Thanks! Yes, if I'd had more

Thanks! Yes, if I'd had more space I would have gone into that episode, as it was so disappointing the way it wasn't about challenging the idea of what having a boy meant, but about how a man with non-stereotypical interests could relate to a boy, which just confirmed so many retrograde ideas. And then of course there was the ep where they tried to prove they weren't racist because they voted for Obama, which... what?!

The trouble with Sue Sylvester was that she wasn't purely exaggerated and evil but that she was supposed to be kinda sympathetic at times, as well, which conferred some legitimacy upon her bigotry, and I think Jane in The New Normal is the same. Such a shame, because both actors deserve better.

Misogyny in gay male tv couples

I don't watch a lot of TV, but I've seen both "The New Normal" and "Modern Family" a couple of times each. My limited experience with both included a scene where the gay male couple was squabbling over which one of them was "the woman" and making clear that gay or straight, masculinity is innately superior to femininity (well, unless a woman is perceived as masculine, then she has no value even as an object). Public acceptance of same sex relationships should help bring about broader understanding that couples can come in many forms and there doesn't have to be a dominant, independent, competent "husband" and a dependent, submissive, overly emotional "wife." Instead, gay male couples are being used as pawns to sustain patriarchy and further marginalize women. The upper class white gay male couple as been chosen as the lesser of the evils that the privileged class will tolerate in order to maintain its overall dominance. These stereotyped portrayals (almost always accompanied by borderline hysterical female supporting characters) do not get us any closer to freedom and acceptance for all. Then again, we're talking about network tv, which exists for the purpose of selling consumer products and reinforcing the dominant ideology. It's all BS.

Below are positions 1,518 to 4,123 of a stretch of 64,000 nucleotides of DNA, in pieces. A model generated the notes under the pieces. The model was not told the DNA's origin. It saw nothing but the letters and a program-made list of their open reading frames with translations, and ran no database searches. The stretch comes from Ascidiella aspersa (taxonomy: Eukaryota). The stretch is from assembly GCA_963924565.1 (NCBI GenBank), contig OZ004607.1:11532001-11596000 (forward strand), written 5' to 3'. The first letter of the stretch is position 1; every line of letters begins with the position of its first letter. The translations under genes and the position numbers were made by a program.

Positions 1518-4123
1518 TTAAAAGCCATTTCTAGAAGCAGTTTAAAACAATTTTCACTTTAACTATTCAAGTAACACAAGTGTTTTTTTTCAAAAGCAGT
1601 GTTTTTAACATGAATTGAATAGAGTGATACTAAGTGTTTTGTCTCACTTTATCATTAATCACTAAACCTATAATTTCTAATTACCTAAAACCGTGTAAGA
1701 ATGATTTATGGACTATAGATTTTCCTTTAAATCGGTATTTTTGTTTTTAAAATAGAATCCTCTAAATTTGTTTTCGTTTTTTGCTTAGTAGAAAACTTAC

Great points

You're so right about the inherent misogyny in both The New Normal and Modern Family (plus there's racism and class prejudice and ableism, etc) and the whole "which one's the woman" idea is so tired and inaccurate and buys into outdated stereotypes that too many people still believe. I tried to touch on that a little on my blog posts, but you expressed it more eloquently here.

I do believe in trying to look for the positive where possible, though, even if only because I enjoy TV and want to believe it's becoming more representative. I do think it's progress that we have three sitcoms featuring gay male leads (the other one being Happy Endings) where previously we only had Very Special Episodes (and before that, nothing) and that there's an outcry about Girls being whitewashed that we never saw with SATC or Friends. But progress is slow and yes, dominated by a capitalist kyriarchy.

Different take